Cryptanalysis by The Method of a Probable Word

In the following example we have knowledge of a very long ciphertext. This is not necessary at all

for the cryptanalysis of the ciphertext, but it takes that long to know the full key. Indeed, as long

as two letters are missing in the plaintext, one does not know the full key, but the system is of

course broken much earlier than that.

Apart from the ciphertext, given in Table 2.2, we shall assume in this example that the plaintext

discusses the concept of ''bidirectional communication theory''. Cryptanalysis will turn out to be

very easy.

FUNDAMENTALS OF CRYPTOLOGY

12

zhjeo

hycdh

gizyd

vlgic

moylg

iczgz

dhizi

evglo

jjlyi

iecdr

dolvs

lldyc

gyzvl

pzlqi

ndize

hlpvs

ppsdo

lneol

zhjpm

hjpml

zlguc

rlqqz

zhvze

luzql

iclzo

eiclo

gicly

eiclg

hicle

uczyc

lylzr

flhlo

lhyll

hylzg

zycyd

gizhf

pefsd

daapz

dyize

zhdpp

dglej

eyzdp

osiol

dhzhj

losye

dpydg

dycei

lkaol

hehps

mzgcz

hqgey

ydize

hggem

aeggz

vzqzo

vlcdr

digic

eondi

nnmhz

lzhuc

clogi

gglqv

vlqlo

hficl

zepef

hgqml

oylge

vplqz

lyize

zemoe

lmhzq

zehge

ydize

zyciu

dizgi

sqzol

zrlqz

ldopz

syenn

ieicl

jzhje

olyiz

hdpye

jneht

zolyi

moylk

hicle

eeone

zydpp

yilqi

jiclp

loydm

mhzyd

jdyii

ondiz

ehgic

nnmhz

lsg

zehdp

zhjpm

osceu

olzhj

siclq

odhgj

duejy

gljoe

izehi

cdipz

ehucz

laolg

ydize

zhjeo

lhylg

lrloq

eondi

zolyi

eondi

dmgdp

niclp

cleos

rzhfv

yczhj

lhiad

hicle

ndize

gidiz

lgyoz

zehge

zehej

zehxm

ziszg

dilol

gllng

lzhfg

pmlhy

aloql

osdaa

Table 2.2

Assuming that the word "communication'' will occur in the plaintext, we look for strings of 13

consecutive letters, in which letter 1 = letter 8, letter 2 = letter 12, letter 3 = letter 4, letter 6 =

letter 13 and letter 7 = letter 11.

Indeed, we find the string "yennmhzydizeh'' three times in the ciphertext. This gives the following

information about p.

c o m u n i a t

y e n m h z d i

Assuming that the word "direction'' does also occur in the plaintext, we need to look for strings of

the form "*z**yizeh'' in the ciphertext, because of the information that we already have on p. It

turns out that "qzolyizeh'' appears four times, giving:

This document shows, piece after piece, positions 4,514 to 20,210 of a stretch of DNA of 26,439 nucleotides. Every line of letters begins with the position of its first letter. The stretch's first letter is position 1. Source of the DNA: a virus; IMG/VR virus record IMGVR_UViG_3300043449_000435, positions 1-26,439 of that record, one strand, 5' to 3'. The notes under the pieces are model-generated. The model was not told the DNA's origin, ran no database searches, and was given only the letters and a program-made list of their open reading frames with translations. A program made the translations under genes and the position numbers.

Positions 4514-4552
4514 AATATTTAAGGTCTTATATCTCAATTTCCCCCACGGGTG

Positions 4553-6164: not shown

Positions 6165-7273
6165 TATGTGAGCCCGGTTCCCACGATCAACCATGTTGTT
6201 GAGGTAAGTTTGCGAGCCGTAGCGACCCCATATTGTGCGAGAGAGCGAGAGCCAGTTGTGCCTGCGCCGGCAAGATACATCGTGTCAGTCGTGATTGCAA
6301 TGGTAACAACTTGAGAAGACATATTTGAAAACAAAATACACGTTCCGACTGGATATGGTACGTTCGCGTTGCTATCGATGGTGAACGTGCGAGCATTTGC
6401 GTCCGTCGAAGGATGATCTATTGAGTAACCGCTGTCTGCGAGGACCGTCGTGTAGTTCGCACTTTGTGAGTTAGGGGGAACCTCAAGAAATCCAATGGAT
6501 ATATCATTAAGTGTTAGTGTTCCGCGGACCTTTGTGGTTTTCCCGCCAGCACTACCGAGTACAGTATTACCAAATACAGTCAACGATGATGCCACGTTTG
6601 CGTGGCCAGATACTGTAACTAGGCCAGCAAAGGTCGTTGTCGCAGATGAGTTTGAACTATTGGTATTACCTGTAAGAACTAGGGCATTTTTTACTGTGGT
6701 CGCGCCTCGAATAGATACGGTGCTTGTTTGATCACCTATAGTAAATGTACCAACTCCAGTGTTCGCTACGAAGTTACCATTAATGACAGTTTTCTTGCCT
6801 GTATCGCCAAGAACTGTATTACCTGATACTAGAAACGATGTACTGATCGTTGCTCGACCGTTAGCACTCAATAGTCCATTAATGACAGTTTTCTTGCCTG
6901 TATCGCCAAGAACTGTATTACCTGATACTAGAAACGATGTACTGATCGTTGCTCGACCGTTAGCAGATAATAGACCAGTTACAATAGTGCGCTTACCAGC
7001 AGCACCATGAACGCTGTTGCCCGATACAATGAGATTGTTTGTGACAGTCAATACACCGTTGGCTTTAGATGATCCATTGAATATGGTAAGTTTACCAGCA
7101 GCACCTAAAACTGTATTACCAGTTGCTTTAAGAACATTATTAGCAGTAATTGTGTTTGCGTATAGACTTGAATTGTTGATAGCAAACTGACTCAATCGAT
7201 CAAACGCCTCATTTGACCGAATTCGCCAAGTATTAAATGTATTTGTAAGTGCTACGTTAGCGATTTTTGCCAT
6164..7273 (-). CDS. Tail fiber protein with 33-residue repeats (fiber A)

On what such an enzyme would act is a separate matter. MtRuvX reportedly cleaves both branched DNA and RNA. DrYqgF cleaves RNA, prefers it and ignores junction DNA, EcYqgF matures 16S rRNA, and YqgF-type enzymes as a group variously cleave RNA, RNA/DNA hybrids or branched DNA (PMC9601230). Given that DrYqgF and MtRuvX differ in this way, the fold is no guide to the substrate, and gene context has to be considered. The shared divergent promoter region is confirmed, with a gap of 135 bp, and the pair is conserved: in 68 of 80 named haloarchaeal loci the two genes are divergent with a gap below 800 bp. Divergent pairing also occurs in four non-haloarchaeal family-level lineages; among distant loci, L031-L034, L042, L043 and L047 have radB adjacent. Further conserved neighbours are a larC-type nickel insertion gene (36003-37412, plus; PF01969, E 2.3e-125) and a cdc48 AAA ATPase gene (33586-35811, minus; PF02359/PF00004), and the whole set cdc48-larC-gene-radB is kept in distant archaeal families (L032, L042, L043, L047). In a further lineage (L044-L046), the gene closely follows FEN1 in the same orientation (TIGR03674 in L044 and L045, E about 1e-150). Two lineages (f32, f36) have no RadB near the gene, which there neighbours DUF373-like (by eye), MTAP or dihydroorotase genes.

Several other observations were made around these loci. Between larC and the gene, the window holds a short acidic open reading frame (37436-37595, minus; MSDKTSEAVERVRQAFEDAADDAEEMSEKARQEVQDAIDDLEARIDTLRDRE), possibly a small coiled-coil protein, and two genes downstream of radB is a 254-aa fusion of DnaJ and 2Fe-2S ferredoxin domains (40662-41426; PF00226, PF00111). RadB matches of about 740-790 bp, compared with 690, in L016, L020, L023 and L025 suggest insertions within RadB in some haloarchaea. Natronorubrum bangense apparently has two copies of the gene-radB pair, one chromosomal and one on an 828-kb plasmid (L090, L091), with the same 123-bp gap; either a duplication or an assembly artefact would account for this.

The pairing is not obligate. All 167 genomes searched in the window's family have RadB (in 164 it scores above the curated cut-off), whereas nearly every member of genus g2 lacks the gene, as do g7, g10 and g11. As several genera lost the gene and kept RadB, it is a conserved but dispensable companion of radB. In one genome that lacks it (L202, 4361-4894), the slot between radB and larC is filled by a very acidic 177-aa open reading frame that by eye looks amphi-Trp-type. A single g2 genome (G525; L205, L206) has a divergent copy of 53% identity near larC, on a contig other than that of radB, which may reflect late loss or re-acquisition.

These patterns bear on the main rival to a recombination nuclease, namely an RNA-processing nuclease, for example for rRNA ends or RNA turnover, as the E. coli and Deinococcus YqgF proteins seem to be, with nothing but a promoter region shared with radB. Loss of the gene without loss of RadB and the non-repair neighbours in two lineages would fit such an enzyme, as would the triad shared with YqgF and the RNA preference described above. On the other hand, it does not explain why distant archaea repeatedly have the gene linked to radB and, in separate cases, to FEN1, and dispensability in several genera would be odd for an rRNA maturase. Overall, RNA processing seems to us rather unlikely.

d r e

q o l

If we substitute all this information in the ciphertext one easily obtains p completely. For instance,

the text begins like

in*ormationt*eor*treat*t*eunid,

information theory treats the unid(irectional) ,

Continuing like this, one readily obtains p completely.

Classical Cryptosystems

13

a b c d e f g h i j k l m n o p q r s t u v w x y z

d v y q l j f c z w t p n h e a x o g i m r u k s b

Example 2.2

Mathematica makes is quite easy to find a substring with a certain pattern.For instance, to test where in a

text one can find a substring of length 6 with letters 1 and 4 equal and also letters 2 and 5 (as in the Latin

word "quoque"), one can use the Mathematica functions If, StringTake, StringLength, Do,

Print and the following:

ciphertext = "xyuysuyifvyxi";

Do@

If@StringTake@ciphertext, 8i + 1<D == StringTake@ciphertext,

8i + 4<D StringTake@ciphertext, 8i + 2<D ==

StringTake@ciphertext, 8i + 5<D,

Print@i + 1, "

", StringTake@ciphertext, 8i + 1, i + 6<DDD,

8i, 0, StringLength@ciphertextD 6<D

3

uysuyi

2.1.3

Vigenre Cryptosystem

The Vigenre cryptosystem (named after the Frenchman B. de Vigenre who in 1586 wrote his

Traict des Chiffres, describing a more difficult version of this system) consists of r Caesar

ciphers applied periodically. In the example below, the key is a word of length r = 7. The i-th

letter in the key defines the particular Caesar cipher that is used for the encryption of the letters

i, i + r, i + 2 r, in the plaintext.

Example 2.3

We identify 80, 1, , 25< with 8a, b, , z<. The so-called Vigenre Table (see Table 2.3) is a very helpful

tool when encrypting or decrypting. With the key "michael'' one gets the following encipherment: